The Action Plan on Regulatory Co-operation announced Dec. 7 aims to do away with the “tyranny of small differences” between Canada and US trade regulations.
December 8, 2011
by CANADIAN PRESS
OTTAWA: The Action Plan on Regulatory Co-operation announced Dec. 7 aims to do away with the “tyranny of small differences” between Canada and US trade regulations.
The pact lays out 29 initiatives that attempt to streamline operations for businesses on both sides of the border in areas such as food, the auto industry, personal health products and the environment.
The government says inefficiencies at the border cost Canada $16 billion a year, or 1% of GDP. For a decade, businesses have been lobbying for an end to the distinct regulatory requirements on both sides of the border, which they say has cut into the two-way trade between the Canada and the US that now stands at $500 billion year.
“No loss of sovereignty is contemplated by either of our governments,” said Prime Minister Stephen Harper in Washington in announcing the plan. “However, every rule needs a reason.”
The plan proposes to align inspection and certification for meat and poultry, and reduce red tape.
“For example, in the US, terms such as ‘peameal bacon’, ‘chicken tenderloin’ and ‘flatiron steak’ are widely used, however these terms are not permitted in Canada,” says a government backgrounder.
In the North American auto industry, cars may look the same, but small differences in the specifications for frames, for example, creates added headaches for manufacturers. Production lines in the same plants have to produce two versions of the same vehicle depending on where they are to be sold.
The plan would also get rid of regulatory differences in rail transport to increase the flow of rail containers between the two countries.
In health care, the deal proposes a new electronic system that would allow applications for approvals to be filed to Health Canada and the US Food and Drug Administration.
On the environmental front, greater technical co-operation is being promised on monitoring emissions from new cars and light trucks built between 2017 and 2025.
The two countries will also expand the 1991 Canada-US Air Quality Agreement to seek ways to reduce greenhouse-gas emissions from vehicles.
Canadian Manufacturers & Exporters (CME) said fewer border stops and smarter regulations could save Canadian companies between $15 billion and $30 billion annually, and will dramatically reduce the wall of data separating the world’s two largest trading partners.
“This announcement is not about a common border; it is about an integrated economy and our shared vision for good jobs, increased investment and a higher standard of living,” said Jayson Myers, CME’s president and CEO in a statement.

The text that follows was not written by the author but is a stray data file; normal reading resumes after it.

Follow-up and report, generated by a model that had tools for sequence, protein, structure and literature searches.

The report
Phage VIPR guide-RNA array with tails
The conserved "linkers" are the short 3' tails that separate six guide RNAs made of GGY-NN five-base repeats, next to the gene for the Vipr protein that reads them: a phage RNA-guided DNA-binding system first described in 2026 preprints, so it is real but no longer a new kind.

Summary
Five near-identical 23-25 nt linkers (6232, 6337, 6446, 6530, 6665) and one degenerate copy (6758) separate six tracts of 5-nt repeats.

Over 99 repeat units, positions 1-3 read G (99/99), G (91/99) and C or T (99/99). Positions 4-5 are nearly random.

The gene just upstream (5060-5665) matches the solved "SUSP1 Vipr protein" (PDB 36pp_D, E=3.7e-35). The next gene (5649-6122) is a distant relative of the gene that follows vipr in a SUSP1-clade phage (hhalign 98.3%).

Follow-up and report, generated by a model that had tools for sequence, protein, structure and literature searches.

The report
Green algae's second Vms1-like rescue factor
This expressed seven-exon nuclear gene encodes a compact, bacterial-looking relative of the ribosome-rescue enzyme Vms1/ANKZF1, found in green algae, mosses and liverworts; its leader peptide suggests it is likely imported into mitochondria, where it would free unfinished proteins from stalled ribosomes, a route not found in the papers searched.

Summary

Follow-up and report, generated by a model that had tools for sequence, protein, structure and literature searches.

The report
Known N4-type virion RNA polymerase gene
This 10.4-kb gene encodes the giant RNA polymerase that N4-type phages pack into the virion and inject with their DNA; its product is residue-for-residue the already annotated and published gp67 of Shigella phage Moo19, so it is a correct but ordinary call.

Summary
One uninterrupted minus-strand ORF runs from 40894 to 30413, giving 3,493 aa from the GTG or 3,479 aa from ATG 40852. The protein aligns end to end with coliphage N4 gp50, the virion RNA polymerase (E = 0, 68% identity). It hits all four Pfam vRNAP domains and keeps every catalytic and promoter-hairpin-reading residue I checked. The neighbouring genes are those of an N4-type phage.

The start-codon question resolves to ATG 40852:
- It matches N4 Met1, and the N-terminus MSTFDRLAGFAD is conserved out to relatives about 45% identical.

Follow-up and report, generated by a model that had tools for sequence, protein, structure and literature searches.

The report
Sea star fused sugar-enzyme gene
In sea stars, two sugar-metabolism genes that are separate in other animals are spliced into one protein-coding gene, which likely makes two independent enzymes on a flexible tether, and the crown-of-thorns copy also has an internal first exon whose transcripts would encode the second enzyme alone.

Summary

The CME noted for automobile manufacturers alone, current border realities add between $400 and $700 in production expense per vehicle.
But Myers warned these are only potential savings and that much more work must be done to ensure the plan is fully implemented.
“The economic benefits of this strategy are more significant than most free trade agreements, and should signal that manufacturing is alive and well in North America. Complacency, however, is not an option. Government has laid the framework and now businesses must lead the way in turning a good idea into action and bottom-line results.”
Myers was to meet with Harper Dec. 8 to discuss next steps for implementing the plan.
The Ottawa-based Canadian Council of Chief Executives (CCCE) representing 150 CEOs and leading entrepreneurs from all major sectors, also endorses the plan.
John Manley, former federal Liberal cabinet minister and the group’s president and CEO, said the plan will significantly improve the economic environment in both countries, promoting job creation and encouraging new business investment. He said it also creates a framework for further progress in border management and enhanced regulatory efficiency.
Maude Barlow, chair of the Council of Canadians, was critical of the government for not consulting directly with groups concerned about the environment, health and safety standards, privacy and sovereignty.
“We are very concerned that the harmonization of goods and services at the border will lower health, food safety and environmental standards on both sides of the border, given that it is all being supervised and done on behalf of the business community,” she said.
“It is shameful that only one sector is driving this agenda.”
Click here for information about the Action Plan.
© 2011 The Canadian Press, Files from PLANT